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World War I: Sopwith Camel

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World War I: Sopwith Camel

Sopwith Camel

Photograph Courtesy of the US Air Force

Sopwith Camel Specifications:

General

  • Length: 18 ft. 9 in.
  • Wingspan: 26 ft. 11 in.
  • Height: 8 ft. 6 in.
  • Wing Area: 231 sq. ft.
  • Empty Weight: 930 lbs.
  • Crew: 1

Performance

  • Power Plant: 1 × Clerget 9B 9-cylinder Rotary engine, 130 hp
  • Range: 300 miles
  • Max Speed: 115 mph
  • Ceiling: 21,000 ft.

Armament

  • Guns: 2 × .30 cal. Vickers machine guns

Sopwith Camel Design & Development:

Designed by Herbert Smith, the Sopwith Camel was a follow-on aircraft to the Sopwith Pup. Initially known as the "Big Pup" the Camel was initially powered by a 110 hp Clerget 9Z engine and featured twin .30 cal. Vickers machine guns firing through the propeller. The fairing over the guns' breeches formed a "hump" which led to the aircraft's name. Structurally, the aircraft featured a straight upper wing with a very pronounced dihedral on the lower wing. The fuselage was largely composed of fabric over a wooden frame with plywood panels around the cockpit and an aluminum engine cowling.

Within in the fuselage, the engine, pilot, guns, and fuel were grouped within the first seven feet of the aircraft. This forward center of gravity, coupled with the significant gyroscopic effect of the rotary engine, made the aircraft difficult to fly particularly for novice aviators. The Sopwith Camel was known to climb in a left turn and dive in a right turn. Mishandling the aircraft often could lead to a dangerous spin. While these handling characteristics challenged pilots, they also made the Camel extremely maneuverable and lethal in combat when flown by a skilled pilot.

Sopwith Camel: Operational History:

Flying for the first time on December 22, 1916, the prototype Camel impressed and the design was further developed. Accepted into service by the Royal Flying Corps as the Sopwith Camel F.1, the majority of the production aircraft were powered by 130 hp Clerget 9B engine. During its production run of around 5,490 aircraft, the Camel was fitted with a variety of engines including the 140 hp Clerget 9Bf, 110 hp Le Rhone 9J, 100 hp Gnome Monosoupape 9B-2, and 150 hp Bentley BR1.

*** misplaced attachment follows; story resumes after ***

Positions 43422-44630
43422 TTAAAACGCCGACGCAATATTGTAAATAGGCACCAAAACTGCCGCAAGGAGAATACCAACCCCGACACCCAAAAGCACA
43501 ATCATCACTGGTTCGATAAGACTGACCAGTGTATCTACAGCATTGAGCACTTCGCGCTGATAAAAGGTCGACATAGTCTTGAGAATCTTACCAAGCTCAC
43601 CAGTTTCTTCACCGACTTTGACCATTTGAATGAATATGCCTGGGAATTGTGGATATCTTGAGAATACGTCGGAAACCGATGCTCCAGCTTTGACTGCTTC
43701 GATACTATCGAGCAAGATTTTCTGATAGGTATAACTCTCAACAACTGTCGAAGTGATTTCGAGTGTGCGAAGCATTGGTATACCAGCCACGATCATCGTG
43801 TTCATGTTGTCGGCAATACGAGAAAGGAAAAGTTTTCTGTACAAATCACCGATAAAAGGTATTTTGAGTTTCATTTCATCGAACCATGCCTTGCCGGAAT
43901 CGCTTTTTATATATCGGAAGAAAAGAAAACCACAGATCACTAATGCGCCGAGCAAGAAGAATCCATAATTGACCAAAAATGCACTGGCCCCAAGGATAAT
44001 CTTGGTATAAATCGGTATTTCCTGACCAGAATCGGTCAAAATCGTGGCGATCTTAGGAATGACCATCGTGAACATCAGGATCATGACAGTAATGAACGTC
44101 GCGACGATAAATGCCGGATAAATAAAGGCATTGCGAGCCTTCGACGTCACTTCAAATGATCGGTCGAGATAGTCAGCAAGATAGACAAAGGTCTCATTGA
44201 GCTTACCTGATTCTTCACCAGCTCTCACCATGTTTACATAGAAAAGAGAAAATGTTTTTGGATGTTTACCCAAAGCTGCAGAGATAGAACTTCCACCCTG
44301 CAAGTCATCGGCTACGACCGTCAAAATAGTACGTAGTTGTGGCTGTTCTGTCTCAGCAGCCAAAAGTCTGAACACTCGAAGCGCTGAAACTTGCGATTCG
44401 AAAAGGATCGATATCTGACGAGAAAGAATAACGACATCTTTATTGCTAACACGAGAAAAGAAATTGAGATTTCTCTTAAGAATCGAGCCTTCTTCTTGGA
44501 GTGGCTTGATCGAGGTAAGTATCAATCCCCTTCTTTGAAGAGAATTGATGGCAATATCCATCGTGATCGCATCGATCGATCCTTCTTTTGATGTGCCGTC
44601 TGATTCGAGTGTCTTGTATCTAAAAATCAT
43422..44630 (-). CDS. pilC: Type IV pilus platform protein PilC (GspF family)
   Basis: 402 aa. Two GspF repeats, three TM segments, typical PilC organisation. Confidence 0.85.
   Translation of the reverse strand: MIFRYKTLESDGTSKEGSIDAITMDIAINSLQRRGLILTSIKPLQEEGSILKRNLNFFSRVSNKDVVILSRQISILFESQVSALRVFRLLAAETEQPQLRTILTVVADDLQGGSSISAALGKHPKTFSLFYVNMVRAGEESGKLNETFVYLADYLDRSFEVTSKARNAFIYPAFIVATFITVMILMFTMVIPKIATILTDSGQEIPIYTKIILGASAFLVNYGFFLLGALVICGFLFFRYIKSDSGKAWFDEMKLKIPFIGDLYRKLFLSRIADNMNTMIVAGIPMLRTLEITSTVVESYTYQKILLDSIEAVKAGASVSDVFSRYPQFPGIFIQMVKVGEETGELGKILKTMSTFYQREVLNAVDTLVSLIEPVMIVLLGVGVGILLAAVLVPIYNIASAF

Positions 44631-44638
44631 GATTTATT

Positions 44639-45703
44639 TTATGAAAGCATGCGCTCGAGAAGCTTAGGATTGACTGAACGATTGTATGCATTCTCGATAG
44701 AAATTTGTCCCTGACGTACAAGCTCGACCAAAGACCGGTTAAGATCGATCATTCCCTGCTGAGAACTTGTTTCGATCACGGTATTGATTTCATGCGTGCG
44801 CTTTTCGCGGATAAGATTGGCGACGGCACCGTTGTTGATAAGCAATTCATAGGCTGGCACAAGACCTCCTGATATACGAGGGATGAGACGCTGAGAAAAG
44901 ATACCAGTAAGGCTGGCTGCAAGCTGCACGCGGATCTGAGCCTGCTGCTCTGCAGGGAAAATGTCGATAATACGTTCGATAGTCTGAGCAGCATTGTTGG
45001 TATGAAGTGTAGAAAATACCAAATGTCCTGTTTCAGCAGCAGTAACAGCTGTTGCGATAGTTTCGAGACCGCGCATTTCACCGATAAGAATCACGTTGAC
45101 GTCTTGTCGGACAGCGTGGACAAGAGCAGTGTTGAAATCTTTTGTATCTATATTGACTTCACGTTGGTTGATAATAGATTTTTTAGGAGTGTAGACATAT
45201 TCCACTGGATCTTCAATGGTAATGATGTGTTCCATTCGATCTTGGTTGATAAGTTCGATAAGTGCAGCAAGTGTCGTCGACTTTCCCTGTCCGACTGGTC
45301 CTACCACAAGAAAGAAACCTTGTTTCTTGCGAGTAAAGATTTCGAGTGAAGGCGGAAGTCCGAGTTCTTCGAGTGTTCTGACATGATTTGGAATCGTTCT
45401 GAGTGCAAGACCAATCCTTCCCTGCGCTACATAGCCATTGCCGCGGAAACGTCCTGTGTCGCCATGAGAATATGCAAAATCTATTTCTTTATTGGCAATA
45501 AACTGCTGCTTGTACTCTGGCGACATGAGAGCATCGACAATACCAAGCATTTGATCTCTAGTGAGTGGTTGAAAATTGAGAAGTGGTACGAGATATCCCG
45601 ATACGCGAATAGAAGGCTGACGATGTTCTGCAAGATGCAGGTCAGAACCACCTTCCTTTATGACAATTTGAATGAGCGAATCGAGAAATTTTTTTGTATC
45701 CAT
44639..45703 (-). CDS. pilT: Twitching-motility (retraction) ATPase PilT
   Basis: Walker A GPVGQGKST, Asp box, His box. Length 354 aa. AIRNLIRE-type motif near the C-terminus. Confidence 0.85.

Arriving at the front in June 1917, the Camel debuted with No.4 Squadron Royal Naval Air Service and quickly showed its superiority over the best German fighters. The aircraft next appeared with No. 70 Squadron RFC and ultimately would be flown by over fifty RFC squadrons. An agile dogfighter, the Camel and the Royal Aircraft Factory S.E.5a reclaimed the skies over the Western Front for the Allies. In addition to British use, 143 Camels were purchased by the American Expeditionary Force and flown by several of its squadrons. The aircraft was also used by Belgian and Greek units.

In addition to service ashore, a navalized version of the Camel, the 2F.1, was developed for use by the Royal Navy. This aircraft featured a slightly shorter wingspan and replaced one of the Vickers machine guns with a .30 cal Lewis gun firing over the top wing. Camels were also used as night fighters though with some modifications. As the muzzle-flash from the twin Vickers wrecked the pilot's night vision, the Camel "Comic" night fighter possessed twin Lewis guns mounted on the upper wing. Flying against German Gotha bombers, the Comic's cockpit was situated farther aft than the typical Camel.

By mid-1918, the Camel was slowly becoming out-classed by new fighters arriving on the Western Front. Though it remained in frontline service due to development issues with its replacement, the Sopwith Snipe, the Camel was increasingly used in a ground support role. During the German Spring Offensives flights of Camels attacked German troops with devastating effect. On these missions the aircraft typically strafed enemy positions and dropped 25-lb. Cooper bombs. Replaced by the Snipe at the conclusion of World War I the Camel downed a minimum of 1,294 enemy aircraft making it the deadliest Allied fighter of the war.

Following the war, the aircraft was retained by several nations including the United States, Poland, Belgium, and Greece. In the years after the war, the Camel became entrenched in pop culture through a variety of films and books about the air war over Europe. More recently, the Camel commonly appeared in the popular Peanuts cartoons as the favored "plane" of Snoopy during his imaginary battles with the Red Baron.

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